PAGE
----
16 May

Upstairs at the Gatehouse
Imagine a reworking of an old Science Fiction Musical of the 1950s; The Tempest and other plays by William Shakespeare and mix it up with wonderful fifties Rock and Roll music. Imagine this fusion performed by some totally brilliant musicians who are all trained actors and dancers in addition to playing at least two different instruments.
If you can imagine this, fine – if you can’t, all you have to do is go down to the Gatehouse Theatre in Highgate and see all these things happen in front of your eyes, directed by John Plews with Marcus Adams as musical supervisor, an amazingly inventive set design by Amy Yardley magnificently lit by Sam Waddington and with eccentric choreography by Grant Murphy.
Briefly we are on space ship Albatross with all in attractive blue uniforms, the girls in wondrous silver leggings and Louise Brookes type wigs all of different colours.
After a brief introduction on screen, by the Intergalactic News reader, the full company play the Overture including a famous fifties orchestral piece “Telstar” We meet the officers of the Albatross and there are altercations between Captain Tempest (Alex Fobbester) and the Science Officer (Ellie Ann Lowe) “It’s a Man’s World”
Suddenly they encounter “Great Balls of Fire” and they land on the Forbidden Planet where they meet up with the Doctor Prospero (Chris Killick) , his lovely teenage daughter Miranda (Stephanie Hockley) and Ariel, the silver Robot he has constructed . Ariel is an amazing creature played by Simon Oskarsson on roller skates and who never loses his robot like movement throughout even when he is singing with his magnificent operatic voice “Who’s Sorry Now” and “Shake Rattle and Roll” He also plays the trumpet to accompany himself and others.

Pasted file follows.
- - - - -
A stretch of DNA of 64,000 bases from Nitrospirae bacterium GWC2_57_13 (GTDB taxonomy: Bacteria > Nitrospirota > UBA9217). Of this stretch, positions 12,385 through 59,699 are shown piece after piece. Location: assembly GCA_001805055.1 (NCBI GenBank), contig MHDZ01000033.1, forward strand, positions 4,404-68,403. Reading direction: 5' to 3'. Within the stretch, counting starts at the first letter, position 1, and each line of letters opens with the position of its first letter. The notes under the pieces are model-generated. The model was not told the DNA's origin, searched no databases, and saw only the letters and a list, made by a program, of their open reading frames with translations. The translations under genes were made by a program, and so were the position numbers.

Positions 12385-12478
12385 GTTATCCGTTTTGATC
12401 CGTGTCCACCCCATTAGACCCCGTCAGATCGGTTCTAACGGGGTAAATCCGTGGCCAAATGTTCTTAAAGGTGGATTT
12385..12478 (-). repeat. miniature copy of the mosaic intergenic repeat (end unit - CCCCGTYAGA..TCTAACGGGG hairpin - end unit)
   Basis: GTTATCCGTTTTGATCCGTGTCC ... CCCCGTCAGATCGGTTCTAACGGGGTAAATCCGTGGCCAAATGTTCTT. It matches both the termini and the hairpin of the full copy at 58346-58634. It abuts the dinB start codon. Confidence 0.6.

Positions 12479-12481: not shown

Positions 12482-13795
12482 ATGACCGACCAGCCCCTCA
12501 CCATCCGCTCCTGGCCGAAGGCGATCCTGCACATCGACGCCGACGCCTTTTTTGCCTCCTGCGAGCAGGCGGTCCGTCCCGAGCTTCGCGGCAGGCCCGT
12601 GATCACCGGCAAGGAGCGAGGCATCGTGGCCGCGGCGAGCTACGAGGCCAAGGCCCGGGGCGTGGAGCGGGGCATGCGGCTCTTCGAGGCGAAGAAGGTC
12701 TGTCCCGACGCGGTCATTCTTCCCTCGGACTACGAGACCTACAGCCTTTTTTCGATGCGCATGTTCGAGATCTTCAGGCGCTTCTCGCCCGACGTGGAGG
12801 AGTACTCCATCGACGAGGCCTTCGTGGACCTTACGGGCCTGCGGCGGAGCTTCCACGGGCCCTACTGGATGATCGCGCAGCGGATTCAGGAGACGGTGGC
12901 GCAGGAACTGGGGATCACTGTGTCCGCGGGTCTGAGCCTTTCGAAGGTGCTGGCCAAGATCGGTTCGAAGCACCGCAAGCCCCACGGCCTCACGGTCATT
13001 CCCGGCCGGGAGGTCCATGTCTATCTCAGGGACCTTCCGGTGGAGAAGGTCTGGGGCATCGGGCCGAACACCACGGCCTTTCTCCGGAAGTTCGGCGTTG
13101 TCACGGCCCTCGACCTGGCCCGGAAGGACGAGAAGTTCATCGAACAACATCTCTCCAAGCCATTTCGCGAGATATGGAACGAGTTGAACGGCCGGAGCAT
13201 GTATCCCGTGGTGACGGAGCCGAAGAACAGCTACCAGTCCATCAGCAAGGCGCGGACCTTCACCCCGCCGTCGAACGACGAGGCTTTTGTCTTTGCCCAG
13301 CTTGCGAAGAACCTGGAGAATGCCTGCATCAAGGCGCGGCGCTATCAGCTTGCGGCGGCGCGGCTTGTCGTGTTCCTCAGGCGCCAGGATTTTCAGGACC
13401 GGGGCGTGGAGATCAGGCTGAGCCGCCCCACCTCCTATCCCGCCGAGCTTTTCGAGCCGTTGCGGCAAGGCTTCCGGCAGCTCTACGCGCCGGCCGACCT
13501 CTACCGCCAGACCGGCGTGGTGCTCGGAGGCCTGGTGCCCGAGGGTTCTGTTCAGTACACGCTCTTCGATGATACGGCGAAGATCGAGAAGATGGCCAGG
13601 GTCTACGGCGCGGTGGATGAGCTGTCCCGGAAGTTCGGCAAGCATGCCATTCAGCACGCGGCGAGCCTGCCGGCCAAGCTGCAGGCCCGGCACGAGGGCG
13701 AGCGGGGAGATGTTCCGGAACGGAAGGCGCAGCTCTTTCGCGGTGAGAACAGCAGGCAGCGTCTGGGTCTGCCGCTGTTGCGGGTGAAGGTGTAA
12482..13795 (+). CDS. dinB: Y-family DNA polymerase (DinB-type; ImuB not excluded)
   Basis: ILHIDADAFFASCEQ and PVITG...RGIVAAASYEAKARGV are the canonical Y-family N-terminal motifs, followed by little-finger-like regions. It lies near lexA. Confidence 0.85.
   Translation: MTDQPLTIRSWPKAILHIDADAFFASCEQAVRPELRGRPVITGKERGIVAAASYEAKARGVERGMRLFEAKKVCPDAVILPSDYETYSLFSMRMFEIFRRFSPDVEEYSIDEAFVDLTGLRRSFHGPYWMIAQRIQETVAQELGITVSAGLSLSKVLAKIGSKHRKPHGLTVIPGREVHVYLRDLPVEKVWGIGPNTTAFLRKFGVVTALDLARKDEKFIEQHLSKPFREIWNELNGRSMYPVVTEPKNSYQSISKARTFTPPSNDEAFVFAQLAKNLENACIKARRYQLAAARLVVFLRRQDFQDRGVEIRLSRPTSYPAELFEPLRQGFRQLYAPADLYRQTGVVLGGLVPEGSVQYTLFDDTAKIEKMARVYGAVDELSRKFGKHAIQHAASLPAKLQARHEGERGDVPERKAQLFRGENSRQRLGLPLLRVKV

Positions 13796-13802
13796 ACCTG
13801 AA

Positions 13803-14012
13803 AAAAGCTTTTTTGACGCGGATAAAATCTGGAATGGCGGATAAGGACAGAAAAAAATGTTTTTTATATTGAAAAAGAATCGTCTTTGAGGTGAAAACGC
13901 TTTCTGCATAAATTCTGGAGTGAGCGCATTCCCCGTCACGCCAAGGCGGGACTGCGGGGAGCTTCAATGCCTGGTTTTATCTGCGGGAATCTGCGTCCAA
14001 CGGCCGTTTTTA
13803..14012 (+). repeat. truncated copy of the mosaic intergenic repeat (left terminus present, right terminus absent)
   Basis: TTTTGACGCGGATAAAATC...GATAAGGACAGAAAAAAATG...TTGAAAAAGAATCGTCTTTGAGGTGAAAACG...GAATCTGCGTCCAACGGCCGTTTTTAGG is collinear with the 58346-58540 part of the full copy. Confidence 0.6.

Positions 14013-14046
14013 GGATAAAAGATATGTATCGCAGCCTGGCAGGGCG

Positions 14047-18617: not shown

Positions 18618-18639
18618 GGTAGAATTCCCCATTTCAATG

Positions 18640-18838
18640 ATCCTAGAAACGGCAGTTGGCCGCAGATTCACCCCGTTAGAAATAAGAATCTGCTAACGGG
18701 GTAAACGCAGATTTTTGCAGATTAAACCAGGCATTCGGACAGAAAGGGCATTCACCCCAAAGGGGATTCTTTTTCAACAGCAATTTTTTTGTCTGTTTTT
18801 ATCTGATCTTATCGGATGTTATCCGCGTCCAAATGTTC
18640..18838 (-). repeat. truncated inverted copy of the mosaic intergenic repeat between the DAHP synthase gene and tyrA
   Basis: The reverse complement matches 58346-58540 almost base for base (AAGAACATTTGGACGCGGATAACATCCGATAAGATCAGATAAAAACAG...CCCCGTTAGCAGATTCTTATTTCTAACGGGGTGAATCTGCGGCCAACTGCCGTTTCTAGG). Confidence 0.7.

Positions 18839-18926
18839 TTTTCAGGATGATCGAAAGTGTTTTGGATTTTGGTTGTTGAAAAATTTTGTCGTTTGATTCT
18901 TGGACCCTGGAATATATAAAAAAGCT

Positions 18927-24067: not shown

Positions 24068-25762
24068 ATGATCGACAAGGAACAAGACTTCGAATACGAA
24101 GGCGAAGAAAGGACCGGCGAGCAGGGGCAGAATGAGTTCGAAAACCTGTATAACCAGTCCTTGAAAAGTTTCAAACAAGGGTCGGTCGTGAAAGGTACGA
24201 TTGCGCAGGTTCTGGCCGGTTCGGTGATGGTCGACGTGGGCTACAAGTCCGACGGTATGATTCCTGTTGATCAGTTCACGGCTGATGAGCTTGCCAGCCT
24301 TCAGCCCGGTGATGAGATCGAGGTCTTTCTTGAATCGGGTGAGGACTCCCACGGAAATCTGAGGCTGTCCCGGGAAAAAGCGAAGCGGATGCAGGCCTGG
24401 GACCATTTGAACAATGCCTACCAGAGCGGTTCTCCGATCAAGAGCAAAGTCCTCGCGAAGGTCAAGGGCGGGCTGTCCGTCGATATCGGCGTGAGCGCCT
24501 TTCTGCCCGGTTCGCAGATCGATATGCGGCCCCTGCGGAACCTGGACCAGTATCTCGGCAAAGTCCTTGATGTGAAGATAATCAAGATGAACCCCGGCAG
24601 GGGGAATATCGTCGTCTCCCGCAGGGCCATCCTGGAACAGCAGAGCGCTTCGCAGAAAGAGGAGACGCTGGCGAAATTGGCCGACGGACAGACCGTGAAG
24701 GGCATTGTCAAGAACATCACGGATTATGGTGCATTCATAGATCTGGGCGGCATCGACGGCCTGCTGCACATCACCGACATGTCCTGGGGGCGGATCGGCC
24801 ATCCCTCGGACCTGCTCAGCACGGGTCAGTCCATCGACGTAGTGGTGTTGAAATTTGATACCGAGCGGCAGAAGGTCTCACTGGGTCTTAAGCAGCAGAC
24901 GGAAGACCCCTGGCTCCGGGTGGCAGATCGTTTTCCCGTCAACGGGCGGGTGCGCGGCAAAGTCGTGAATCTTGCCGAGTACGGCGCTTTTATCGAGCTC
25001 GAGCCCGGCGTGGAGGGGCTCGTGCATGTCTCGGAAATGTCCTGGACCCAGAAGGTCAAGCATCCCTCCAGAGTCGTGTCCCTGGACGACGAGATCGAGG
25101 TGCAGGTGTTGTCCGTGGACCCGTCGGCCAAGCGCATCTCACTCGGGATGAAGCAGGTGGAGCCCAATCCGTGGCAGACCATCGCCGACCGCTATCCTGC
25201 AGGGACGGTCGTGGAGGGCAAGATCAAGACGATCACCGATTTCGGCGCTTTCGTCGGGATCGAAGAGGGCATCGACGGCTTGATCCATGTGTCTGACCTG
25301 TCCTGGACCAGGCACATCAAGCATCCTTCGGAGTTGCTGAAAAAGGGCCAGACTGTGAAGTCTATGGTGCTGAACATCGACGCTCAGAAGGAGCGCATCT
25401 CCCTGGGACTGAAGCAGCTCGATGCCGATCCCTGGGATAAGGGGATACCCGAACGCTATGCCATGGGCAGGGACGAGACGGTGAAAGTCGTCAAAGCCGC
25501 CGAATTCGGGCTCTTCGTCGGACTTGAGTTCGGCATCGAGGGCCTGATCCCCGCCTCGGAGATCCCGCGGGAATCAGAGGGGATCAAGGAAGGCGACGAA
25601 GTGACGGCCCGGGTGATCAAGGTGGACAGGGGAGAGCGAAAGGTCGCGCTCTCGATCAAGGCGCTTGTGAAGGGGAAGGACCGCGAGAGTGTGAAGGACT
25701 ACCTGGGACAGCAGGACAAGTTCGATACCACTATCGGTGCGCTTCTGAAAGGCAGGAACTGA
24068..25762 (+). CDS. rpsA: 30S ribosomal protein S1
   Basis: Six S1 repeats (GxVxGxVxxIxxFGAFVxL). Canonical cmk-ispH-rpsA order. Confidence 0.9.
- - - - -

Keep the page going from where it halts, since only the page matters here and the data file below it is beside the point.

Prospero is a Doctor Who style genius who is working on Telegenesis in order to open up nine tenths of the brain known as the X Factor.
There is an immediate attraction between the Captain and Miranda but he thinks she is too young so she is simply “a teenager in love” She is admired even more so by Cookie (Edward Hole) the acrobatic, singing cook of the Albatross who falls deeply in love with her.
It is only fair to mention the rest of the brilliant cast Emma Fraser as Navigation Officer and saxophonist; Guy Freeman as Bosun; David Persiva; Lewys Taylor and most essentially Rhiannon Hopkins, the musical director who also plays sax and the role of Penny Cyllan.
To add to the magic, the script is in Iambic Pentameters and includes many brief quotes and misquotes from Shakespeare slipped into the dialogue without warning. Just as snippets of songs are included – a short reference to “The Young Ones” performed by Cookie, Bosun and Bud as Hank Marvin and the Shadows gets a round of applause.
As an extra bonus The Intergalactic Newsreader making the announcements is Gatehouse regular Angela Rippon.
This is probably the most hilarious and appealing musical of the many many successful shows at the Gatehouse directed by the great John Plews.

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